Astronauts to boost European connectivity

Astronauts aboard the International Space Station are planning a spacewalk to install a high-speed satellite link that will improve their connections with Europe.

The system will enable astronauts to connect at home broadband internet speeds – delivering a whole family’s worth of video streaming for communications and a data pipeline connecting the scientific experiments aboard the Station to researchers in Europe.

The 20-year-old Station – which was built when the internet was in its infancy – will be equipped with a dedicated European autonomous communications module, complementing the connectivity provided by a US satellite communications system.

The astronauts trained for the installation at NASA’s Neutral Buoyancy Laboratory

The small fridge-sized device to be installed on the outside of the ESA Columbus module of the Station will send signals into space, where they will be picked up by a European telecommunications satellite in geostationary orbit 36 000 km above Earth – some 90 times the height of the Station.

The satellite is part of the European Data Relay System and will enable internet-like connectivity with the Station, relaying data directly between the Station and European soil via the system’s ground station in Harwell in the UK.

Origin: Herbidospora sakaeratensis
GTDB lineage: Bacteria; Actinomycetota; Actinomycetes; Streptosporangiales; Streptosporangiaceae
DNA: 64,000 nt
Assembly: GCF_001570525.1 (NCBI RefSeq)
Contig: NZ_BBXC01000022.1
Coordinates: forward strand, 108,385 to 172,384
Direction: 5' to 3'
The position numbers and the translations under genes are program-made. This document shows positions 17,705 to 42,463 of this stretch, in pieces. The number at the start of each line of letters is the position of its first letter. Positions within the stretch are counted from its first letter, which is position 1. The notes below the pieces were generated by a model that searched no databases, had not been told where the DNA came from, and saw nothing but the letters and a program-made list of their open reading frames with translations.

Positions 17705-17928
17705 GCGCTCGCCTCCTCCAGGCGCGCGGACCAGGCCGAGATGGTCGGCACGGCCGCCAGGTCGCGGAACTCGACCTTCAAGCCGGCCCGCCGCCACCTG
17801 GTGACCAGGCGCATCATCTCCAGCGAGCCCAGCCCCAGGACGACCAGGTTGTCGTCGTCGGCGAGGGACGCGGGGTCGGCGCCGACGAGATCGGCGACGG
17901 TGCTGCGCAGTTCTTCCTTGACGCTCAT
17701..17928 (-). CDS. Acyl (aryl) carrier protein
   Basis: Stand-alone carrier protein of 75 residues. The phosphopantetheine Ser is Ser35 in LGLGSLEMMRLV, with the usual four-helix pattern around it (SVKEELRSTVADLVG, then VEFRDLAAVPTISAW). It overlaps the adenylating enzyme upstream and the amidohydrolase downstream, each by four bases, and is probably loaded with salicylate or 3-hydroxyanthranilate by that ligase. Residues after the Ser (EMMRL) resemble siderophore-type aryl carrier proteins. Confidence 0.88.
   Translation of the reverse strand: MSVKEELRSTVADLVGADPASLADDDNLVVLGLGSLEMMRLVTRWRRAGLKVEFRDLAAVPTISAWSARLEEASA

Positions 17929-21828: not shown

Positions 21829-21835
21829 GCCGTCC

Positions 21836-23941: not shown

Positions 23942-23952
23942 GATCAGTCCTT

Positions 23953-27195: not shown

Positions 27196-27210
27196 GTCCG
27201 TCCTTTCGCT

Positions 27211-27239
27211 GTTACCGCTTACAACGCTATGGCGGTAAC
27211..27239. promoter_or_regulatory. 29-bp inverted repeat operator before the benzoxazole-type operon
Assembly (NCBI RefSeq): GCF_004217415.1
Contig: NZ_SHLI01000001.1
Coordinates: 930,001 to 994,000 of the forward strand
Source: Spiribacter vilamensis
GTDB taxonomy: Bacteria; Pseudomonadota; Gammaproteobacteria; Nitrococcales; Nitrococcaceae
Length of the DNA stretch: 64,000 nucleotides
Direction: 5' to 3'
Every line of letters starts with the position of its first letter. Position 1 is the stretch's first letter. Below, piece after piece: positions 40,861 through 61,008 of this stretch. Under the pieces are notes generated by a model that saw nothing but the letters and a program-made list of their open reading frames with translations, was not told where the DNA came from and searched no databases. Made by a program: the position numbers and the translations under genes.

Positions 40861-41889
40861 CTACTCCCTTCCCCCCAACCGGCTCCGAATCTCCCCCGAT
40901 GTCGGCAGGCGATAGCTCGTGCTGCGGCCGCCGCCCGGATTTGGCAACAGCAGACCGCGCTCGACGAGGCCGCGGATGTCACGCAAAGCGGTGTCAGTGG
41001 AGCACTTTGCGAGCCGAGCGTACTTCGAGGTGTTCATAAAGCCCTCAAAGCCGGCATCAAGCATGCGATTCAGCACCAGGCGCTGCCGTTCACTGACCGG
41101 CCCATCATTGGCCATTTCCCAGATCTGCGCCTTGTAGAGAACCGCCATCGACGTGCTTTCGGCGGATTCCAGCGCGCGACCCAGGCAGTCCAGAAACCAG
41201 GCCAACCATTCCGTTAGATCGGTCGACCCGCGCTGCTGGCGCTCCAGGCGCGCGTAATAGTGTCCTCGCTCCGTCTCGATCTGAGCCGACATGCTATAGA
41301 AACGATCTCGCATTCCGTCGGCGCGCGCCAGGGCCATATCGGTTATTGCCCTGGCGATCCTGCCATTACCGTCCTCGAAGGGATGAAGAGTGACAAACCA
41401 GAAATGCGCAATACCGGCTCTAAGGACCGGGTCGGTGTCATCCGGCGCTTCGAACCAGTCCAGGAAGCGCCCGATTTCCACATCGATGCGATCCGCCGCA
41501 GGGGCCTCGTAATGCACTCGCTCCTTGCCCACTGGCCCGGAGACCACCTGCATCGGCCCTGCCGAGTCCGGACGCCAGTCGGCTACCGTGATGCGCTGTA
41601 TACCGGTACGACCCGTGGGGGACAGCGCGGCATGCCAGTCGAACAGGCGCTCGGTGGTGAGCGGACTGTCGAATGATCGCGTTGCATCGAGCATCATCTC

NASA astronauts Michael Hopkins and Victor Glover are due to install the communications device during a spacewalk on 27 January. The device – nicknamed “ColKa” for “Columbus Ka-band terminal” – connects to a plug outside the Columbus module that will relay the data to and from the astronauts computers inside.

The state-of-the-art system will ensure faster communications by using European infrastructure to relay data to the ground for experiments in the Columbus module, allowing researchers on Earth to access their experiments in real time when the Station is within range of the European Data Relay System satellite.

ESA astronaut Alexander Gerst in NASA’s Neutral Buoyancy Laboratory

ColKa will provide speeds of up to 50 Mbit/s for downlink and up to 2 Mbit/s for uplink.

It was designed and built by British and Italian companies, using products from Belgium, Canada, France, Germany and Norway, some of which have been qualified under the ESA’s programme of Advanced Research in Telecommunications Systems (ARTES).

ColKa will use the infrastructure for the European Data Relay System developed as a telecommunications Partnership Project between ESA and Airbus, as part of ESA’s efforts to federate industry around large-scale programmes, stimulating technology developments to achieve economic benefits.

The know-how gained from designing, building and running ColKa will be instrumental for ESA’s communications package under the ESPRIT communications and refuelling module that is being designed for the lunar Gateway – an outpost over 1000 times farther from Earth than the International Space Station that will provide vital support for a sustainable, long-term human return to the lunar surface.

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